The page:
Public radio host John Moe explores life in Missouri, er, misery

Andy Downing
John Moe

Five years ago, humorist and public radio host John Moe started to question what he was doing with his life, a line of thought he said was brought on by some combination of middle age and the ongoing conversations sparked by his on- and off-air discussions about his brother, Rick, who died by suicide in 2007.

“And I thought, well, whenever I write about this [subject], whenever I tweet about it, whenever I talk to people about it, the reaction is so strong,” Moe said recently by phone. “I think there was a real hunger for it. People saw that others were dying and living in misery— that’s ‘misery,’ not Missouri; people had always been living in Missouri— and so I wanted to do something about it.”

As a result, Moe launched the radio show “The Hilarious World of Depression,” inviting comedians, musicians and the like to discuss their own mental health struggles on-air. “The show came about with the idea that these conversations could be provocative,” Moe said. “And they can make people feel less alone, and inspire them to reach out for the help that might be available to them.”

But while Moe has certainly talked publicly about his own history with depression, it has never been his focus, in part because he never believed it held the same interest with listeners as the stories of comparatively high-wattage guests like comedianPatton Oswalt andWilco frontman Jeff Tweedy. “It was probably my depression talking at the time, but [that internal voice] was like, ‘Nope. Nobody cares about your story,’” Moe said.

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But that has changed with the release of Moe’s new memoir,The Hilarious World of Depression, which shares its name with his radio show. In the book, the host digs into the childhood roots of his own depression and then traces them through adulthood, interspersing these revelations with cut scenes from his radio interviews. The book is deeply shaped by Moe’s years of on-air explorations, which have continued to deepen his understanding of depression even as aspects of the illness remain elusive. “I could have conversations about this for 50 years and still not figure out the mystery,” he said.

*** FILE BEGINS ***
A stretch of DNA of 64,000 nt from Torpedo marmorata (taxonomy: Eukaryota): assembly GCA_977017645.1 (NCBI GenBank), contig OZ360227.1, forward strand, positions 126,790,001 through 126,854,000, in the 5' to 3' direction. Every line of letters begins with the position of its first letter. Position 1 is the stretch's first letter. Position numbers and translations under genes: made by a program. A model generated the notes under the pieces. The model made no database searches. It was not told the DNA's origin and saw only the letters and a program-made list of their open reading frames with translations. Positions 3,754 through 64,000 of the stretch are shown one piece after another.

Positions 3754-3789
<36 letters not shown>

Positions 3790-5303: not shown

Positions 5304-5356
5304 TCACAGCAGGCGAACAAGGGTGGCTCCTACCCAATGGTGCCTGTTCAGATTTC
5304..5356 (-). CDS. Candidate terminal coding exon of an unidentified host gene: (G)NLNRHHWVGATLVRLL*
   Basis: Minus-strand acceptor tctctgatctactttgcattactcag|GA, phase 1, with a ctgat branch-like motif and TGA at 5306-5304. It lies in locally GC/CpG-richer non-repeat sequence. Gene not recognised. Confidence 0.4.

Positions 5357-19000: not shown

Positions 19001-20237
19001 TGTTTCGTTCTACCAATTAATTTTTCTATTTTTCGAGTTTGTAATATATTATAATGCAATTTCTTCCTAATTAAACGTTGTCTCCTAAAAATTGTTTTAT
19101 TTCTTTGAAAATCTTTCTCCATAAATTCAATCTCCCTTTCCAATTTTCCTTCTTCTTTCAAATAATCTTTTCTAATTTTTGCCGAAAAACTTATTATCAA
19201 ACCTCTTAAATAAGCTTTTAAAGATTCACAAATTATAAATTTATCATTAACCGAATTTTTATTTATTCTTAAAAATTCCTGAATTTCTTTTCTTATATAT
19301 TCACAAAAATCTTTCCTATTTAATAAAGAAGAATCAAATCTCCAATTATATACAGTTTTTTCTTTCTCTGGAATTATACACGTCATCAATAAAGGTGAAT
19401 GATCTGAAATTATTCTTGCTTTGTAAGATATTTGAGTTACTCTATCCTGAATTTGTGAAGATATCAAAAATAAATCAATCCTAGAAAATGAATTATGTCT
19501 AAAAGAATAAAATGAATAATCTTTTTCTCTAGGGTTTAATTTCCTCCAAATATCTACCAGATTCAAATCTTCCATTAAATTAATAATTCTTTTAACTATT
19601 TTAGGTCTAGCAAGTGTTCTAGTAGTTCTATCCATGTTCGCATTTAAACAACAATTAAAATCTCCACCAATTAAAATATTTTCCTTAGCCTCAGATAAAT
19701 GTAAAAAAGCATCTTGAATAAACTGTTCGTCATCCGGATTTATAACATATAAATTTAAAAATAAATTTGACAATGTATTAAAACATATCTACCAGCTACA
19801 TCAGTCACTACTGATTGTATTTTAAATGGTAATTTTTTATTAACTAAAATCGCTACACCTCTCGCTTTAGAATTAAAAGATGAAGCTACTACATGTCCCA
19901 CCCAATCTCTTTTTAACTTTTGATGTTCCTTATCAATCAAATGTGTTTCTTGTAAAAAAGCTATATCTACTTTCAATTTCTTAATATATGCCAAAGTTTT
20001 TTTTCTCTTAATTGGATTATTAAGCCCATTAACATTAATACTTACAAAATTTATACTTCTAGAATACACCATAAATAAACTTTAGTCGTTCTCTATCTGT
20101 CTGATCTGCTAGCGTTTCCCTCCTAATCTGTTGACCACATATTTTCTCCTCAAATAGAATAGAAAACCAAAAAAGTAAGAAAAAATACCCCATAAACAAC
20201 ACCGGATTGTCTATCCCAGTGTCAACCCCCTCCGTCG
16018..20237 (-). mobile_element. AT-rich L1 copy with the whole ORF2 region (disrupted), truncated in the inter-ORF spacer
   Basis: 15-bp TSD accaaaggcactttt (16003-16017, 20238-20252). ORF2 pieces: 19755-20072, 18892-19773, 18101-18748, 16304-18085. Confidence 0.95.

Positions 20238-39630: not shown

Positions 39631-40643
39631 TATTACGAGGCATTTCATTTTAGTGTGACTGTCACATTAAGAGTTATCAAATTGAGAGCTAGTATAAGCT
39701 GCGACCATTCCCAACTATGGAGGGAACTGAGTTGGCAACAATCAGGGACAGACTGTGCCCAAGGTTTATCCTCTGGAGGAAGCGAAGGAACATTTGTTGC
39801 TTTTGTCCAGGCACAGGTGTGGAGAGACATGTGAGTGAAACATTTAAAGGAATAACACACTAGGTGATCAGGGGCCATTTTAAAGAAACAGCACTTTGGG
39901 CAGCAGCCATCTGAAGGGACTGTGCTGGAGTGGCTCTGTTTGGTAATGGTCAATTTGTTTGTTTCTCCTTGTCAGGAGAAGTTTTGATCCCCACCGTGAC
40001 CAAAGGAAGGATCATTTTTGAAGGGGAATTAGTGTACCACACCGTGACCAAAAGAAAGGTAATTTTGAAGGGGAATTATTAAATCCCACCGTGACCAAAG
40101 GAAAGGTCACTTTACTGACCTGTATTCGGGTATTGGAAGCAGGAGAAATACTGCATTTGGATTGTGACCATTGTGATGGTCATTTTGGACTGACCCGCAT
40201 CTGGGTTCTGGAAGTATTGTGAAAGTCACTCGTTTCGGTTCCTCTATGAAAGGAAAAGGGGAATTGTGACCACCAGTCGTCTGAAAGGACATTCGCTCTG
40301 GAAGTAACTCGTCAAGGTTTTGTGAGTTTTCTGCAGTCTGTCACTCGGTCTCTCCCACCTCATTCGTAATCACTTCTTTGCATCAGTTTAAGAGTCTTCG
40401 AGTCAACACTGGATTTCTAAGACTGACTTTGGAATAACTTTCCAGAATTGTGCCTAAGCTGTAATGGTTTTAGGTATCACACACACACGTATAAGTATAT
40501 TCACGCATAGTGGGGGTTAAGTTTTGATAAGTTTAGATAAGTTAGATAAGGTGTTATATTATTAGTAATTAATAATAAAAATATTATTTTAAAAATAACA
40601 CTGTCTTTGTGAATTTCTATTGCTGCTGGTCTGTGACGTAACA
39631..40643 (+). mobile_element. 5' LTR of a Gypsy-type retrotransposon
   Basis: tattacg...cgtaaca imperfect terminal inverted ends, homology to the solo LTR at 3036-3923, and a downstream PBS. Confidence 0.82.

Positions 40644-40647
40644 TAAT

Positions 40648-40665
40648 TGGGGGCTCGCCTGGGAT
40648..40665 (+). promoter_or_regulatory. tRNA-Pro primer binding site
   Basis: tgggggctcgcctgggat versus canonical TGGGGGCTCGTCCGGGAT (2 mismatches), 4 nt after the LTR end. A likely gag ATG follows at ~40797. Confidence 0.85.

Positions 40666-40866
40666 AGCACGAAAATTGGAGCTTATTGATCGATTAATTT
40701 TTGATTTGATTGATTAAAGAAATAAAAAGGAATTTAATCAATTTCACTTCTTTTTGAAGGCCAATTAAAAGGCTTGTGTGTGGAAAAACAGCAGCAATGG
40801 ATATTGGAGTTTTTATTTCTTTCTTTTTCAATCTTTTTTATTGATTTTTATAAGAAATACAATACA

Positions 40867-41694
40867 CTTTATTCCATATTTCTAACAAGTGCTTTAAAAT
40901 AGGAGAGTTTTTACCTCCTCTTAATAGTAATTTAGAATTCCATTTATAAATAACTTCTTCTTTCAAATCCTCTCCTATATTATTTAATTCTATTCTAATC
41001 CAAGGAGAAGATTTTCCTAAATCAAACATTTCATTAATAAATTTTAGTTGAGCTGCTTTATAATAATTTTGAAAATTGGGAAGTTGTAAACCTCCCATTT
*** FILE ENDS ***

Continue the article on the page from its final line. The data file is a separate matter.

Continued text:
Prior to starting the radio show, Moe considered the emergence of depression to be completely unknowable, but he now subscribes to the belief that it is often based in some form of early trauma, which is why he frequently starts interviews by asking a subject about their childhood. This idea also drove his decision to address his story in linear fashion in his memoir, opening with the childhood years he spent living under a roof with parents who were still reconciling with deep traumas of their own.

“For my story, it’s crucial to know that my parents are World War II survivors. They grew up in Norway during the Nazi occupation, and that is a profound trauma they carried,” said Moe, who will participate in aThurber House digital reading and Q&A via Zoom at 7 p.m. on Wednesday, May 13. “There wasn’t therapy back then, and the way my father dealt with the trauma he experienced was through the therapy of vodka. … So if we’re being raised in that, and my brother develops an addiction, and my dad’s drinking continues, and nobody ever talks about it, and I never know what’s going on, then my nervousness and inability to trust people down the road begins to make more sense.”

Moe said he’s always approached storytelling on the radio as if he was casually relaying information to a friend, and the book preserves his direct, conversational voice, though he admitted it was a tad more long-winded on first pass. “I think the initial draft was 180,000 words, and the final version is around 90,000,” said Moe, who wrote at home and in cafes while listening to a running playlist that he documents in the book’s acknowledgements.

The Hilarious World of Depression lands at an interesting point in time, when many are learning to cope with a lingering cloud brought about by the coronavirus.

“I’ve been saying to people that this is sort of what depressed people have been going through all along, and now ‘normies’ get to experience this idea that there’s doom out there and there’s uncertainty and fear. … So we expect to be thanked now for our service,” Moe said, and laughed. “But I’ve also talked to people who have been depressed for their whole lives who are like, ‘Oh, I’m ready for this, because that formless, nameless fear I’ve had now has a name and a molecule attached to it.’ … For people with depression, I’ve compared it a little with the monster under the bed actually climbing out and saying, ‘Hi, I’ve been real all along, and my name’s Norman.’ It’s almost like there’s certainty where there’s never been certainty before.”